Palestinian hunger-striker slips into coma amid force-feeding dispute
Palestinian lawyer and alleged Islamic Jihad member Mohammed Allan, who has been on hunger strike for 59 days, has fallen unconscious and is now breathing with the help of a respirator, an Israeli hospital said on Friday.
Allan was also receiving fluids intravenously, the sources told the BBC and there were concerns that his condition may deteriorate further with Palestinian NGOs warning that he was near death.
Even before he fell into a coma, Allan’s lawyer, Jameel al-Khatib, warned that his client “could die at any moment” after the sharp deterioration in his health.
Allan had been slated to be the first prisoner to be force-fed by Israeli authorities after the adoption of a controversial new law allowing the practice last month.
The law, passed by a narrow majority of 46 to 40 by the Israeli Knesset, seeks to make it clear that “hunger striking is not a way out of prison,” according to the Public Security Ministry, which pushed the bill through.
Though Israeli officials had signalled their intention to have Allan force fed, staff at two medical facilities refused to carry out the procedure.
Khatib told Middle East Eye via telephone that receiving fluids intravenously was not considered force feeding under the law, which requires patients to be restrained while feeding tubes are inserted through the nose.
The Israeli Medical Association (IMA) has strongly condemned the practice, saying it was tantamount to torture and promised to “do everything to prevent its implementation”. The organisation has also urged medical professionals to not perform the procedure.
According to Palestinian rights group the Palestinian Prisoners’ Club, staff at the Barzilai Medical Centre where Allan is currently being held were also refusing to carry out medical examinations without his consent.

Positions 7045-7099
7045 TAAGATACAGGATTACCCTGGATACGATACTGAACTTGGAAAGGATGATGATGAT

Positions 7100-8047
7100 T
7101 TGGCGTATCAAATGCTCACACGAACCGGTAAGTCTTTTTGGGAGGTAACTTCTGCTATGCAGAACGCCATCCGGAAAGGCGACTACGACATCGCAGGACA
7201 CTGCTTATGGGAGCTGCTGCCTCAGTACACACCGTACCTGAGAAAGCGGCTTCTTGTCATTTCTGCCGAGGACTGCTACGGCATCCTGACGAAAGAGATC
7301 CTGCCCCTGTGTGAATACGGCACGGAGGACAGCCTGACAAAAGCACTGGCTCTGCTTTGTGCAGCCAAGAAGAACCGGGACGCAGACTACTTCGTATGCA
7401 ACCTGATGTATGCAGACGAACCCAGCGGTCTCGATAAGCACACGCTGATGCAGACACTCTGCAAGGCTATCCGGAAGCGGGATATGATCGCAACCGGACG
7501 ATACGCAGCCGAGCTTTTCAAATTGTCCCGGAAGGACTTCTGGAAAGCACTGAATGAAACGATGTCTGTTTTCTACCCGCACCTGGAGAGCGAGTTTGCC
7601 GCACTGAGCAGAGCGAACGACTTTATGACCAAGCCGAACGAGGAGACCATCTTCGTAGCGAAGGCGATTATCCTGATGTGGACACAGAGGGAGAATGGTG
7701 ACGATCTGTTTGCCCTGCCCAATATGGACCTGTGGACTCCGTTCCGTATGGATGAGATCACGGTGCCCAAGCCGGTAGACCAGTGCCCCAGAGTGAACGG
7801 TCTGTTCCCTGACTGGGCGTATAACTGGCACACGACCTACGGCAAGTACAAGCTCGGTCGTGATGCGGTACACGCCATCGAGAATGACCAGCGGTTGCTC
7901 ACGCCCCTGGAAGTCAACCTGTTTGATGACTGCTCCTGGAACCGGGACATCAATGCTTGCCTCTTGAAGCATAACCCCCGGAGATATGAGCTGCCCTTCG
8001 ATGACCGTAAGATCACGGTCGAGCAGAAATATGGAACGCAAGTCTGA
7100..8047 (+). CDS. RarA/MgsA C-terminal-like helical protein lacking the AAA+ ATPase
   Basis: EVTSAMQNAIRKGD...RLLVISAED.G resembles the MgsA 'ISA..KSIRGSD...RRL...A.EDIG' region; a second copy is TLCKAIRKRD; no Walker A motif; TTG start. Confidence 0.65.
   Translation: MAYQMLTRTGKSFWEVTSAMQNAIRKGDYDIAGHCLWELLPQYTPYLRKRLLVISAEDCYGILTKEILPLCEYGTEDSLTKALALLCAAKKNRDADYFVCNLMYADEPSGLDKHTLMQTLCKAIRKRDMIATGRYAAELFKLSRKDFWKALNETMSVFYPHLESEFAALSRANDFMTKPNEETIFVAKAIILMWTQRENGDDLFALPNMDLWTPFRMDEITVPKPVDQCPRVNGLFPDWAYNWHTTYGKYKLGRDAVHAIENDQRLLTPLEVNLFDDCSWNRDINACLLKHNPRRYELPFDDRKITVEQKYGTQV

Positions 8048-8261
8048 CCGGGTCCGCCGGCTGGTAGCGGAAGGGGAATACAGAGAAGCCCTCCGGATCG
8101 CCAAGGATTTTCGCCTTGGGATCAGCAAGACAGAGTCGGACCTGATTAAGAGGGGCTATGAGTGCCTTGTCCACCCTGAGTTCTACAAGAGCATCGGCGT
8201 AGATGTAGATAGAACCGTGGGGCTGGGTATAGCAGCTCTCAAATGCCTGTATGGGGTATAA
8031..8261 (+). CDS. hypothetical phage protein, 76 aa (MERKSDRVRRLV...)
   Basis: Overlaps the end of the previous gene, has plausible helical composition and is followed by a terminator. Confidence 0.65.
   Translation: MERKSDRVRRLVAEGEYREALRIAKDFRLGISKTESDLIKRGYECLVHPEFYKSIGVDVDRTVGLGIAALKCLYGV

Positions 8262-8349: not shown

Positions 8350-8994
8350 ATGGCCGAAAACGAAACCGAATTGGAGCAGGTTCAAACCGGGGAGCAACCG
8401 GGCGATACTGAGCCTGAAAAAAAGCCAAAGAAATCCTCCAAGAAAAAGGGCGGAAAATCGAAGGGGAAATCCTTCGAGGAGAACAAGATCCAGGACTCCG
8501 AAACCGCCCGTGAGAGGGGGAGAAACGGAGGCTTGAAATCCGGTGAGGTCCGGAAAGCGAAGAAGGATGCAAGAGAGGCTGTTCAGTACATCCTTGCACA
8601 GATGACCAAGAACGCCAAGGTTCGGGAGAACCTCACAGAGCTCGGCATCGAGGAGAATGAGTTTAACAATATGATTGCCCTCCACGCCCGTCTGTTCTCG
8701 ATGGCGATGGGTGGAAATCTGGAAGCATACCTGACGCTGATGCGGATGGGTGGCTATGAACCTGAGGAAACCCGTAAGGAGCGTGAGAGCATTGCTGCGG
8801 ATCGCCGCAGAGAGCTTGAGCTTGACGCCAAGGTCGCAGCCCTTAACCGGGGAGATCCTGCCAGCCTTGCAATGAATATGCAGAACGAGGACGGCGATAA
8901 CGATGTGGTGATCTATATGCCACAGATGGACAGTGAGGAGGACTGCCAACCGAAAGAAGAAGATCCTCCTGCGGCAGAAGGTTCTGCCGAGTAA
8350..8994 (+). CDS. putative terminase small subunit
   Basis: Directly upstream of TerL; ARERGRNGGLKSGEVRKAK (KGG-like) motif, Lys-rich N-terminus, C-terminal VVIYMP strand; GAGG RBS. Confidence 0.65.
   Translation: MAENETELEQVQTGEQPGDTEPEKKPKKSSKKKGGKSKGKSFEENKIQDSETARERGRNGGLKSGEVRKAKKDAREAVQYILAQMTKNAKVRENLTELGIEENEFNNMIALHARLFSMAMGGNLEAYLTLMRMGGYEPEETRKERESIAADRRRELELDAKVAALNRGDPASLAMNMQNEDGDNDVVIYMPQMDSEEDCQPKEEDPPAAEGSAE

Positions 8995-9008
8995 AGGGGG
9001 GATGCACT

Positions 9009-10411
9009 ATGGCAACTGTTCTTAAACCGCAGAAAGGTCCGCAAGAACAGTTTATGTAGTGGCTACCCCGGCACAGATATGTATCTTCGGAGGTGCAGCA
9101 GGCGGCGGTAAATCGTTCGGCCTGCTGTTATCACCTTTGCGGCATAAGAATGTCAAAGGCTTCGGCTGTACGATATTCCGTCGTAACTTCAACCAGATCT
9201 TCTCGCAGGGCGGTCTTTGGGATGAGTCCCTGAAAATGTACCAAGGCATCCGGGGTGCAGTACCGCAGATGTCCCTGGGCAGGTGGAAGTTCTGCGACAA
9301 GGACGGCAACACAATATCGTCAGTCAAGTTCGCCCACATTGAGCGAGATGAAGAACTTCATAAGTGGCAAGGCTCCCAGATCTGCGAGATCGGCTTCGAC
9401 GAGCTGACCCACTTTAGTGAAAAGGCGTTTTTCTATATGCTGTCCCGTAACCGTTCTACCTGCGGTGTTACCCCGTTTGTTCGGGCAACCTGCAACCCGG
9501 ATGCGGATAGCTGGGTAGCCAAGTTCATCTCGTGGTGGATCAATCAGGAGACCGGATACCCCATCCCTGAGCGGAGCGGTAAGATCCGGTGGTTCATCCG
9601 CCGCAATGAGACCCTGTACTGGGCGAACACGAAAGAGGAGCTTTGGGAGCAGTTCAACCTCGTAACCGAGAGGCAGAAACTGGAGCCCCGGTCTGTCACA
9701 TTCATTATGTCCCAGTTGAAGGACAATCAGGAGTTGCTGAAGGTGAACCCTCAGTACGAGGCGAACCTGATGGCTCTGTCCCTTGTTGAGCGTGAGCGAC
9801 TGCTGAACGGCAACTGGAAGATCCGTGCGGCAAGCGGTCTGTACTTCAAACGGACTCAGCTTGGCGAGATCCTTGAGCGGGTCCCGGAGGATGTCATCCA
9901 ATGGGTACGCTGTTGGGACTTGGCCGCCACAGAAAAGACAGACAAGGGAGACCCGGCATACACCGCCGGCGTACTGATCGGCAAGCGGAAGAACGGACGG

The IMA is challenging the law in Israel’s High Court of Justice on the grounds that it is legally and ethically flawed, and contravenes long-running international advice for medical practitioners.
In a letter to the association, Public Security Minister Gilad Erdan wrote that “the purpose of hunger strikes is to intimidate Israel into releasing terrorists”.
Allan, whom Israel accuses of membership in the Palestinian group Islamic Jihad, has been held without charge in an Israeli jail since November. According to Palestinian rights groups he had lost sight in one of his eyes shortly before being hospitalised last week.
Israeli authorities had been refusing to discuss proposals that would lead to Allan’s release from administrative detention, which his lawyer said was the worst form of custody to be held under.
Last week he refused a proposal put forward by the Israeli authorities that would see him held under administrative detention for a further 13 months.
“I can’t describe what his family is feeling right now,” said Allan’s lawyer Khatib.
“But they support his strike – nobody but him can decide what he should do.”
Khatib said on Thursday that he believed that authorities could transfer Allan to a military facility, although it remains unclear if they would be willing to do so given his rapidly deteriorating health.
“They [Israel] want to find out how the international community will react,” he said.
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